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There’s nothing more heartbreaking than a dog that can’t see his owner, but Gustavo Aguirre, professor in the School of Veterinary Medicine, dedicates his time to giving them sight.

On Jan. 29, Aguirre received the prestigious 2016 Louis Braille Award for his pioneering work in the research and treatment for vision disorders. Aguirre, a professor of both medical genetics and ophthalmology, has investigated the genetic basis of a wide variety of inherited blinding diseases and has even restored vision in dogs.

One of his most famous projects was using gene therapy in a novel way in 2001 to restore vision in a dog named Lancelot, who was born blind due to a hereditary disease. Clinical trials for the same treatment in humans have been shown to be effective and safe so far, and are being offered at the Children’s Hospital of Philadelphia and in Canada and London, and are being expanded to other areas of the United States and Israel.

Aguirre was inspired by his love of horses to become a veterinarian. Growing up in Cuba, he would spend his childhood days riding horses on a farm near his house and dreaming of one day caring for them whenv they got sick. However, while Aguirre was getting his VMD and PhD at Penn, his eyes were opened to the world of ophthalmology.

“It’s something that has puzzled me and interested me from the very beginning ... Even before all these fancy imaging techniques were available, you can visualize the structure and diseases [in the eye] because they’re readily visible,” Aguirre said. “If you have a kidney problem or a liver problem it’s very difficult to see the organ unless you open it up and look but here you’re looking directly into the tissue.”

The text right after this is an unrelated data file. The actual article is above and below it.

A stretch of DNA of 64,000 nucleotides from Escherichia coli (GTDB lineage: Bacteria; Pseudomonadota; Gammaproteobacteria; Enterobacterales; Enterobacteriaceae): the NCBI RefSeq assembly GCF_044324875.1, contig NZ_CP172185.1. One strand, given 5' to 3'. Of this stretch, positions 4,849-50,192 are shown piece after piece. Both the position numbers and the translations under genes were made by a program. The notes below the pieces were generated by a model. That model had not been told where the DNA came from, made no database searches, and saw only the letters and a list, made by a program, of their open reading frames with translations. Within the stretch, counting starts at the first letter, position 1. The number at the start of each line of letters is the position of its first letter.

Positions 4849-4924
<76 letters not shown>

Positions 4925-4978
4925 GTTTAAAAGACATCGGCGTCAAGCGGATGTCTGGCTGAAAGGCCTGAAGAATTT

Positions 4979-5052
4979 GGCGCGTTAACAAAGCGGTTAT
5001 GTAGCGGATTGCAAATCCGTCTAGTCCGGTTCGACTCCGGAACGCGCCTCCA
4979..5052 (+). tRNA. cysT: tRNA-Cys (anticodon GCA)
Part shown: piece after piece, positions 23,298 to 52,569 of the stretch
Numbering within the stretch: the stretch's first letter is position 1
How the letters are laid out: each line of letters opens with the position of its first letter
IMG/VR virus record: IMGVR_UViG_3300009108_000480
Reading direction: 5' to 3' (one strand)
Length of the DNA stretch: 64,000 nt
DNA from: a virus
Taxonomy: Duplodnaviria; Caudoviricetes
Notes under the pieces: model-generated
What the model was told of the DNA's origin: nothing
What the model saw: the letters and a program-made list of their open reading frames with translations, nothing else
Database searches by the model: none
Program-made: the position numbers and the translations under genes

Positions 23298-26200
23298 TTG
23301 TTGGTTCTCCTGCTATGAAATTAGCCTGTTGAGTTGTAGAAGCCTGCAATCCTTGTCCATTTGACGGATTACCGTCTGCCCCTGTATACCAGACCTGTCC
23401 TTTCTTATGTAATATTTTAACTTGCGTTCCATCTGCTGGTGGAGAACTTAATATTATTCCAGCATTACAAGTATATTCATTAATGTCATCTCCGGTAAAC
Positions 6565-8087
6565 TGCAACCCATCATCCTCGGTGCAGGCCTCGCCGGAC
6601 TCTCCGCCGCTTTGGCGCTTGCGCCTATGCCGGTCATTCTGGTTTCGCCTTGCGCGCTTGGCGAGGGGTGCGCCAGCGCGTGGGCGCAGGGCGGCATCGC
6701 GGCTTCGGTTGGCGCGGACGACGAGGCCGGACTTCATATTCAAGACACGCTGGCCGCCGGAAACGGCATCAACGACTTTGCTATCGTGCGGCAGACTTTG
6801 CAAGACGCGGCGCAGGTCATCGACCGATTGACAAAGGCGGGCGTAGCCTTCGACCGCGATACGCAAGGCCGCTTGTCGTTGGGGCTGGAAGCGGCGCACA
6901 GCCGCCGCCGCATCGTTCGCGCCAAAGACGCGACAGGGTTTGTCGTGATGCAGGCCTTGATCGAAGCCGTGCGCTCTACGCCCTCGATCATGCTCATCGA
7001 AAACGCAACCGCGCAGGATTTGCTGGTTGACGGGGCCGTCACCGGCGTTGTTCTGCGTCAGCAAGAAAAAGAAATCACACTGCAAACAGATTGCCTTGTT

Since arriving at Penn, he has become a world-renowned expert in vision disorders. He developed gene therapy for X-linked retinitis pigmentosa, which is one of the leading causes of inherited blindness in humans.

He said that he was surprised by the award but felt extremely honored by the appreciation for research to which he has been committed for many years.

Despite receiving recognition for his pioneering work, Aguirre emphasized that none of it would have been possible without the help and support of the people working beside him.

“Science is done as a team effort and this is a team,” Aguirre said. “I was recognized today, others will be recognized tomorrow, but we all realize as a group that no one individual isv the one leading this effort.”

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